Major quake SW Pacific

  1. davenn

    davenn 3,884
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    coming in on my seismo NOW

    Southeastern Solomon Islands

    initially reported as a M 8.3, since dropped to a M 7.6
    But its still maxing out my main channel ( maybe it will go back up to ~ 7.8 ?)

    http://www.sydneystormcity.com/seismograms.htm


    cheers
    Dave
     
  2. jcsd
  3. davenn

    davenn 3,884
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    Have had a text message from a friend on holiday in Vanuatu. He is in the town of Luganville on the island of Santo ( nthrn Vanuatu). His location is ~ 710 km SE of the epicentre.

    It was felt by those present as a rolling motion.

    cheers
    Dave
     
  4. Astronuc

    Staff: Mentor

  5. davenn

    davenn 3,884
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    Here's a screenshot before the signal started to overwrite the earlier trace

    [​IMG]

    interesting that this event has so far not produced any large aftershocks

    This is what the quake looks like once it has been saved and transferred into the Winquake analysis program

    This is from a low gain channel that isn't maxing out the 16 bit AtoD converter

    [​IMG]


    cheers
    Dave
     

    Attached Files:

  6. jim hardy

    jim hardy 5,174
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    Dave - i'm no earth scientist but have done a little looking at waves propagating in structures.

    Are you located fairly close to that earthquake ?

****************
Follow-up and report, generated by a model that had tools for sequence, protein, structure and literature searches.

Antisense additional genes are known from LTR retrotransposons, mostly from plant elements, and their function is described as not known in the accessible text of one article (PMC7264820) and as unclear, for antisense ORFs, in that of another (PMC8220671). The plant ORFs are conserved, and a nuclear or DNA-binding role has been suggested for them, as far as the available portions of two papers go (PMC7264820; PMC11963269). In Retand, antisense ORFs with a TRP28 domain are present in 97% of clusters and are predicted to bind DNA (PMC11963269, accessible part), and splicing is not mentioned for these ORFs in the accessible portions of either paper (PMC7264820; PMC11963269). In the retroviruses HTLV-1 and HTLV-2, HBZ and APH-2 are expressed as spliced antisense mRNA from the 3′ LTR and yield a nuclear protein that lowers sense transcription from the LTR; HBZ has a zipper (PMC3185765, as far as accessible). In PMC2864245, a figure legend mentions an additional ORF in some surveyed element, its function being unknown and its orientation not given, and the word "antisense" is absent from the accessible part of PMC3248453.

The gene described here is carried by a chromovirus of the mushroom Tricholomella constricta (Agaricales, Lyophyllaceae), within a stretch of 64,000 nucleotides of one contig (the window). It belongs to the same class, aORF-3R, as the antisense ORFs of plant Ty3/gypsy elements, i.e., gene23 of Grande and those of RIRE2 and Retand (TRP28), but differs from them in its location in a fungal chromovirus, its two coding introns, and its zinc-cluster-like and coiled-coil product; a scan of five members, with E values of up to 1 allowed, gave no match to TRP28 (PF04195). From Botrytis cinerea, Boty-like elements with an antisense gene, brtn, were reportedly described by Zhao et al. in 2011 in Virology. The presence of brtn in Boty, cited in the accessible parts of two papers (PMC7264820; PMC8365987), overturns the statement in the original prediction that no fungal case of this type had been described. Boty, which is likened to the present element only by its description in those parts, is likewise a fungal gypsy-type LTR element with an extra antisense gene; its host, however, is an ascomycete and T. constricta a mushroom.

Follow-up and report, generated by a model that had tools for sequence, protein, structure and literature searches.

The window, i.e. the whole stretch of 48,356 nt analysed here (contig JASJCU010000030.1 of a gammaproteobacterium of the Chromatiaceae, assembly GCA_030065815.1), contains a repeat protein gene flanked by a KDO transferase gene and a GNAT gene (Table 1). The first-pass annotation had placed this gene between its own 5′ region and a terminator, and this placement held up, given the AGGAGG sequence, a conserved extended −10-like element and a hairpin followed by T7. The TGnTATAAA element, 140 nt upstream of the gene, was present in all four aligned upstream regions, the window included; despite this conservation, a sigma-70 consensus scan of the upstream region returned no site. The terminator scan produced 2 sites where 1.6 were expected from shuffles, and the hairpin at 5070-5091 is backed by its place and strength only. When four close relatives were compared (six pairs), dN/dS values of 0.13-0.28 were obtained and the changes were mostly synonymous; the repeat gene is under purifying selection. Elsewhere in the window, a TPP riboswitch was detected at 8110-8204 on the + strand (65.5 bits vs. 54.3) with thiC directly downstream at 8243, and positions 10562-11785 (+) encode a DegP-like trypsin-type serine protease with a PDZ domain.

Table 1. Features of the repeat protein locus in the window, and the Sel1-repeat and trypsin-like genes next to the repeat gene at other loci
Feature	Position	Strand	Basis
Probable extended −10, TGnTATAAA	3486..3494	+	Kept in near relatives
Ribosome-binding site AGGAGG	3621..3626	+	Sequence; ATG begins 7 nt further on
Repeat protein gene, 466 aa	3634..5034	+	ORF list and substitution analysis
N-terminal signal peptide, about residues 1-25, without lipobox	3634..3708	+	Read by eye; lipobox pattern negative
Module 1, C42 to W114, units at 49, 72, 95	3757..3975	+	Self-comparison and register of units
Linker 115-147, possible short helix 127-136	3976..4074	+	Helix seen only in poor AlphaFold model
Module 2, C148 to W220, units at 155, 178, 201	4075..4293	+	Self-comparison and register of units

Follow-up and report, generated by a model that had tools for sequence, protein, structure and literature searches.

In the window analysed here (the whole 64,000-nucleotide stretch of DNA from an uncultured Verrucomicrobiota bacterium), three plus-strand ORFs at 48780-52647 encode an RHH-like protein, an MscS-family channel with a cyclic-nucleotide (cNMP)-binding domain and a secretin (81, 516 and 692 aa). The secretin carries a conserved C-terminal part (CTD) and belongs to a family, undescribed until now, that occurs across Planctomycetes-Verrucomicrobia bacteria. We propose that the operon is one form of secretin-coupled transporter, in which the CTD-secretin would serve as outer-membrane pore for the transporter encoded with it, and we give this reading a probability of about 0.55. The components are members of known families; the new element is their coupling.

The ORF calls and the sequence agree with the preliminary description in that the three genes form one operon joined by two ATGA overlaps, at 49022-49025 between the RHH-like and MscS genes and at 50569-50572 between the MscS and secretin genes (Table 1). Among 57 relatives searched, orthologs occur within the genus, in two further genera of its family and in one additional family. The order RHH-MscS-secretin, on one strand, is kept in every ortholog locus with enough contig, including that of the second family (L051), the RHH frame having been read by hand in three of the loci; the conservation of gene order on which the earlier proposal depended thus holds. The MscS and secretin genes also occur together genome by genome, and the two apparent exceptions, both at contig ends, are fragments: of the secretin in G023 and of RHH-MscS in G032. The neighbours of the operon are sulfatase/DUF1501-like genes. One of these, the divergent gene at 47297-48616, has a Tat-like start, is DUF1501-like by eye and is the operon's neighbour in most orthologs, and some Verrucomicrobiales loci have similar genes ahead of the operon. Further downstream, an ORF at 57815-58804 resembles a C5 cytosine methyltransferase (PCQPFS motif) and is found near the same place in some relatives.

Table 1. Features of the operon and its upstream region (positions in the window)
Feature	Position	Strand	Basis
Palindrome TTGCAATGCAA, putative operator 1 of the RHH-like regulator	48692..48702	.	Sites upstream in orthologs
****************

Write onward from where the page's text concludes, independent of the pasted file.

7. davenn

    davenn 3,884
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    hi there Jim

    Well sort of .... 2700 km's ... just up the road from me ( in the big scheme of things) :smile:

    in the previous post of mine ... the second image ( the one from the analysis program)
    look at the bottom line (immediately above the gram) starting with Org:
    Org: = Origin time = 20:14:39 UT
    P: = P wave arrival = 20:19:57.8 UT
    S: = S wave arrival = 20:24:14.4
    Diff: = S-P difference = 4 mins 16.6 sec
    Dist: = Distance = 24.60 Degrees = 2734.9 km = 1699.4 miles
    Mag: = magnitude 2 given -- ML = Local Magnitude and MS = Surface Magnitude
    and finally
    JB: = Jeffreys-Bullen Tables
    WinQuake maintains three sets of P and S wave travel-time tables. Two are Jeffreys-Bullen (JB) tables, one set for teleseismic (distant events) and the other for regional or local events. The third set of tables use the IASP91 model of the earth. These tables are used to calculate the distance and the time of origin of the event. They are also used to calculate the location of the P and S markers if the event time and location are known.

    From the Org and P info, you can see that the P wave took a little over 5 minutes to get to me

    Ohhh and speaking of ML = Local Magnitude and MS = Surface Magnitude
    ML was the original Richter magnitude scale Developed my Charles Richter and Beno Gutenberg at CALTECH in the 1930's. It was designed to be used with a particular style of seismometer, the Californian geology and for quakes out to ~ 100 km from the recorder.